Growing up, my parents had extended periods of unemployment. We could have been better off financially, but we always had a home in my grandfather’s house, and never went hungry. The worst I suffered was the embarrassment of wearing my sister’s old clothes to school. Kids can be mean, especially to a smart ass wearing bad girl’s clothes – my sister didn’t exactly get to pick them either. While the 8 year-old me was pretty miserable, now I appreciate having learned the importance of money early in life.

Picture of Tony.Checking out the Meow Wolf exhibit in Santa Fe a few weeks after quitting my job.

Getting my first job

I started my first job serving coffee in a cafeteria when I was 14. It wasn’t awesome, but earning $30 a day was infinitely more than nothing. I made my first investment with that cash. The CD rates at our local bank were 5%, and I remember thinking if I could invest $1000 in a CD, it would pay me $50 a year for doing nothing. Since I preferred playing video games over serving coffee, I really liked the idea of making money without working.

That first job was followed by an equally mind numbing stint at Walmart before I got a job cutting lawns. I didn’t like my first two jobs, but I loved landscaping. I enjoy working with my hands, and being outside all day surrounded by the smell of fresh cut grass was the best. The 10-hour days flew by, and earning $8-10/hour was enough to cover my college tuition.

Picture of cartoon landscaper.

Working through college

I went to college to become a computer engineer in 2000 – right when the dot com bubble was bursting. At that time, I didn’t even know what a bubble was. I’d chosen my major because it was the highest paying 4 year degree. I was chasing money – partly because I was scared of struggling for it. When all the internet jobs disappeared, my plan for targeting a high salary wasn’t looking so ingenious.

I was fortunate to secure a last minute internship working on helicopters. I only got the job because my boss was too late recruiting aerospace interns, and I was willing to come in after the semester had already started. The $14/hour pay really helped with tuition, and I quickly picked up a lot of skills in a whole new field. That internship led to a $52,000/year job when I graduated.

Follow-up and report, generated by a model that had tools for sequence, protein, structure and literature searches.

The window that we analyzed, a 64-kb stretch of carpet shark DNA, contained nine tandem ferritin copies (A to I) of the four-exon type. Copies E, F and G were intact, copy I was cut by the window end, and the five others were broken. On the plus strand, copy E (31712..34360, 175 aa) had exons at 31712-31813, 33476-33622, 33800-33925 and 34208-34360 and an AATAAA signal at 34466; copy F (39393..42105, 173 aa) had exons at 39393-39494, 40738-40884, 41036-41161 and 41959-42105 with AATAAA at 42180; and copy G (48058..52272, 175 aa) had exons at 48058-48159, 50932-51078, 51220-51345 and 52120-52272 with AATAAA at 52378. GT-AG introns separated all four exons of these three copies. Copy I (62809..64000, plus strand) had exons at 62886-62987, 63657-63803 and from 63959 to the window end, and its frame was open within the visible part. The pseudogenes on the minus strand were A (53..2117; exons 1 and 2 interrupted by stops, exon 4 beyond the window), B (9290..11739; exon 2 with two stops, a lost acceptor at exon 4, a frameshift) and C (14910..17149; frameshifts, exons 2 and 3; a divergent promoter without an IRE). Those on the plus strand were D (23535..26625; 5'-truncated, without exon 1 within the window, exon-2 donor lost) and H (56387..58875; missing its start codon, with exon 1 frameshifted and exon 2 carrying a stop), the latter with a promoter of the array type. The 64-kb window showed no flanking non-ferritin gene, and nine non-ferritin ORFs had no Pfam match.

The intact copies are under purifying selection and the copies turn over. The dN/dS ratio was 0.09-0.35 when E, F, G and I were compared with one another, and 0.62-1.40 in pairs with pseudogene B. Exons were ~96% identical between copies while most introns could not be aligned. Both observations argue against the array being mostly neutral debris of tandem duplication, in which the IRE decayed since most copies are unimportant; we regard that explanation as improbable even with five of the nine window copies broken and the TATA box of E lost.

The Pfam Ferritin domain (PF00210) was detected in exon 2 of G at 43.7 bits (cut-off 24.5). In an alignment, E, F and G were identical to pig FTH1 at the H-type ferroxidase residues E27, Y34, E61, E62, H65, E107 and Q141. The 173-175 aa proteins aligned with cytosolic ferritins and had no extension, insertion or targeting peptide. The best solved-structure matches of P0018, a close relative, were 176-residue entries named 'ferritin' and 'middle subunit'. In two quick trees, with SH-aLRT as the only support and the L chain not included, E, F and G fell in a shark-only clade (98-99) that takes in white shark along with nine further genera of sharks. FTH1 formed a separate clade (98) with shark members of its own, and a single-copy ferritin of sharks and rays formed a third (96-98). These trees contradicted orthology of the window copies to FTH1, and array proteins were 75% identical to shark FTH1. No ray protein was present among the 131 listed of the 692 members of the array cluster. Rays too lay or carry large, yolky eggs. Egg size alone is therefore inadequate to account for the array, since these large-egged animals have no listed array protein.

My first real job

Getting a real job was a huge weight lifted off me. I celebrated my success by going out to eat, buying toys, and spending late nights at bars whenever I wanted. After working for a couple of years, I saved enough money to buy a house and a new car.

Picture of rsx.

Expenses were adding up, but I could easily afford them. The new car payment was $350 a month, and my insurance costs had doubled. My mortgage wasn’t too bad – I got roommates to help cover the payment. I enjoyed having the company, and we threw some epic parties. Some of those roommates are still my best friends today.

With my fancy new job, I also took on the mentality that any item under $200 was chump change. Clothes, shoes, toys, and especially drinks at the bar all seemed like minor purchases. Maybe I was making up for all the time I spent dressed like my sister in elementary school.

I was 23 and living it up.

The eureka moment

While visiting home, I got to talking about money with my younger brother. He went to community college and was working as a waiter. I was caught off guard when he told me that he’d already saved $60,000.

Picture of cartoon saving.

That amount of money sounded enormous to me. People our age only had student loans that size. He didn’t get lucky in stocks or real estate. This was all money he’d earned and saved while working as a waiter. Barely out of school, no fancy degree, he was killing it.

Mind blown, I started to think about how I could do the same. I didn’t need to earn more, I needed to spend less – a lot less.

Getting spending on track